Andrea: Like I’ve said, there is always truth in reporting. The problem is when the whole story isn’t being told. However, I don’t believe that any outlets will begin reporting the entire story because it doesn’t fit in with their beliefs. In fact, I see it getting worse as the issue of legalizing marijuana becomes more volatile because each organization is going to be struggling to maintain their perspective as new information gets released. Recently a few articles saying that marijuana effects your brain in a bad way. Previously I said that CNN identified with a more left-wing way of thinking. So it’s interesting that they pointed this study. I believe it’s good that this was published by CNN though because it demonstrates how media is not always acting according to some agenda that people tend to think they have. The Washington Post article is a little less surprising considering it tends to be a little more right-wing.
Caitlin: If anything, the media may start portraying it as more of a cash crop than a drug, if in fact the media makes a turn. Due to the fact that recreational use is new and medicinal use is relatively new, certain problems have not been encountered that could arise later swaying decisions when it comes to marijuana. If the United States in its entirety decides to legalize (medicinal or recreational), then it is possible that the media will change from being marijuana-drug oriented to marijuana-crop oriented. Especially in the Midwest, where agriculture is dominant, media would most likely put its focuses in that direction.
James: The article Andrea presented just gave me aid to a great point. To me, now it seems certain outlets of media know that this plant isn’t harmful to the body. If you read the article carefully, they “claim” it effects the brain in two ways. Motivation and emotion. Alright cool. But the only thing said about how it affected motivation and emotion, was just that. Their evidence was “this effects motivation and emotion.” The media knows this is not a harmful substance, yet it seems they’re continuing to try to find ways to give it a bad name by stretching the truth, instead of writing out full-fledged lies. It’s like the use of alcohol, it effects people differently. So if someone smokes a joint, and instead of wanting to go throw a frisbee they decide to watch a movie? That’s a lack of motivation. But after someone different smokes a joint they may want to go for a run (me). Different people are effected in different ways, leading to my point on alcohol, if they want to talk about emotion. People get drunk, then spontaneously angry, and beat up others sometimes family members. They get aggressive. Yet alcohol is still legal. Why? Because not EVERYBODY gets angry when they drink. On an emotional level yes marijuana can effect it. Which is why when users hear certain music, watch movies, or anything of the sort they have a more in depth and complex way of thinking. They can really FEEL what is going on around them. The article didn’t even specify if it was a positive to negative effect on emotion. Which is unprofessional and just shying away from the point of the entire article. The intent of it was to keep this harmless plant in a bad light. It has come to my attention that the article was debunked later anyway by a few separate articles.
In the end….
Caitlin: It is most likely impossible for there to be any kind of agreement among all media outlets. With there being so many opinions about marijuana legalization, and millions of people in the U.S. with their own opinions, there will never be one core belief on marijuana legalization. Also, because the idea of legalization is somewhat new and is in the “experimental” process (Colorado recreational usage law), it is hard to determine now how the media will continue to portray it. Throughout the history of media and its evolution, the way stories are told have changed with the times and society. Obviously the biased media sources are going to “stick to their story” on whether it is good or bad. But with new information comes new opinions, so for now it is a waiting game to see how the media will portray marijuana in the future.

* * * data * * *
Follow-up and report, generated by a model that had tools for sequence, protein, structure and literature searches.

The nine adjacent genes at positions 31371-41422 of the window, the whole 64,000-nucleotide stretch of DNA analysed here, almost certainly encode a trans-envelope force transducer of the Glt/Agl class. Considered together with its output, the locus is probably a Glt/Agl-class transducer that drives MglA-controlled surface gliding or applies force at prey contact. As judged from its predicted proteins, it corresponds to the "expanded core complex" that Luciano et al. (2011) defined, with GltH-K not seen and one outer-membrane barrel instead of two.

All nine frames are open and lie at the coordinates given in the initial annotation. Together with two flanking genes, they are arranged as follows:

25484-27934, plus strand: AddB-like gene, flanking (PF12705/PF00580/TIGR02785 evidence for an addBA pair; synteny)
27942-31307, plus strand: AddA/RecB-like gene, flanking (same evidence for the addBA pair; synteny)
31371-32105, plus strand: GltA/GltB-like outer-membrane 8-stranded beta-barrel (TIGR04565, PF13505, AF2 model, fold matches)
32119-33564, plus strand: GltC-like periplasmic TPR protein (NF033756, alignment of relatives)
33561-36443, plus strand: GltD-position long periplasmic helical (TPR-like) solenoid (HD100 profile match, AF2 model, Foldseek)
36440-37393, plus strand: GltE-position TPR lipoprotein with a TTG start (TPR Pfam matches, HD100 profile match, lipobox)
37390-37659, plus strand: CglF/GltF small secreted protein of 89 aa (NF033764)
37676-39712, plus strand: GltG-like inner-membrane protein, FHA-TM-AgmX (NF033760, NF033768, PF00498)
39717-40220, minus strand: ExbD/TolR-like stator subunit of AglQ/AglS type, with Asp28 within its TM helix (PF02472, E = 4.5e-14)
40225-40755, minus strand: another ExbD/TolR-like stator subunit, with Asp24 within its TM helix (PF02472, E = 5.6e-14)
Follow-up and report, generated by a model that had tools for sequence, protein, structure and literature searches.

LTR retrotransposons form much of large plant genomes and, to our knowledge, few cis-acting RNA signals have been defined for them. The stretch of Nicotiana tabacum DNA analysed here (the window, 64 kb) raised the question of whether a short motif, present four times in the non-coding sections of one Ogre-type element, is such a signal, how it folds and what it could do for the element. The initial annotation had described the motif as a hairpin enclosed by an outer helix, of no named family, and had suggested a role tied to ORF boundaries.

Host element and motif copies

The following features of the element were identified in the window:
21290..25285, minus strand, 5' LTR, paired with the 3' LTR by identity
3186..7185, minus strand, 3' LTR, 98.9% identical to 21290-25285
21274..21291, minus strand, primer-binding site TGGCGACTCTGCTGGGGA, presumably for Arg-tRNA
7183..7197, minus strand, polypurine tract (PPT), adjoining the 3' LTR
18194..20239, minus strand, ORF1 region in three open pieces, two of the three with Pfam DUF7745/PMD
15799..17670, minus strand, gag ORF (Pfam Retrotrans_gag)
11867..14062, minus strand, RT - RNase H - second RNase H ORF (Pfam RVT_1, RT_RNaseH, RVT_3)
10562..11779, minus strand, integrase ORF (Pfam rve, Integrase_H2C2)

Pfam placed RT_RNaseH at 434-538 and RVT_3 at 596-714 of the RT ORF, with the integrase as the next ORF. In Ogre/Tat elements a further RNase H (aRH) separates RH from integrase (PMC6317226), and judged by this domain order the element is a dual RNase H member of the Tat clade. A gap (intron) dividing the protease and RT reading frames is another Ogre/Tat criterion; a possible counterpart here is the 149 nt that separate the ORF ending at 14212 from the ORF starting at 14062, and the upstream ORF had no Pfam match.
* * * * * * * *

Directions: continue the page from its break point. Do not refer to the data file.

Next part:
James: I’m going to have to agree with Caitlin on this one. I don’t ever see or nation being completely united on such a topic like the legalization of marijuana. If there ever is a sort of agreement perhaps, it wouldn’t be until well into our older years because many of the older generations now are from the time of “hippies” (pro marijuana) or those completely against marijuana in its entirety. In regards to news stations, no I don’t believe there will ever be a sort of agreement. Our nation as a whole is too stubborn and, as everyone is rightfully entitled to their opinion, political parties in today’s society will never attempt to be accepting of someone’s views that may be somewhat different, in my opinion.
Andrea: The only way I see media outlets reaching any sort of middle ground on this issue, or any issue really, is if the people who consume media do independent research, and aren’t so quick to jump on board with just one viewpoint. While that may be difficult in today’s society, I could see that happening in the future (although it may be a distant future). With so many people becoming connected via the Internet, more specifically social media, they are unknowingly becoming a media entity within themselves. If a person witnesses an event, they will most likely tweet about it or post pictures to Facebook or Instagram. This is reporting. This is how an individual contributes to global knowledge. Everybody has their biases, but people are more likely to find truth and fact in things they hear from their peers, rather than from some person on the television. If the day ever comes where journalism is not necessary for relaying information to each other (and I believe that could be a likely possibility) there is bound to be more agreement on important societal issues.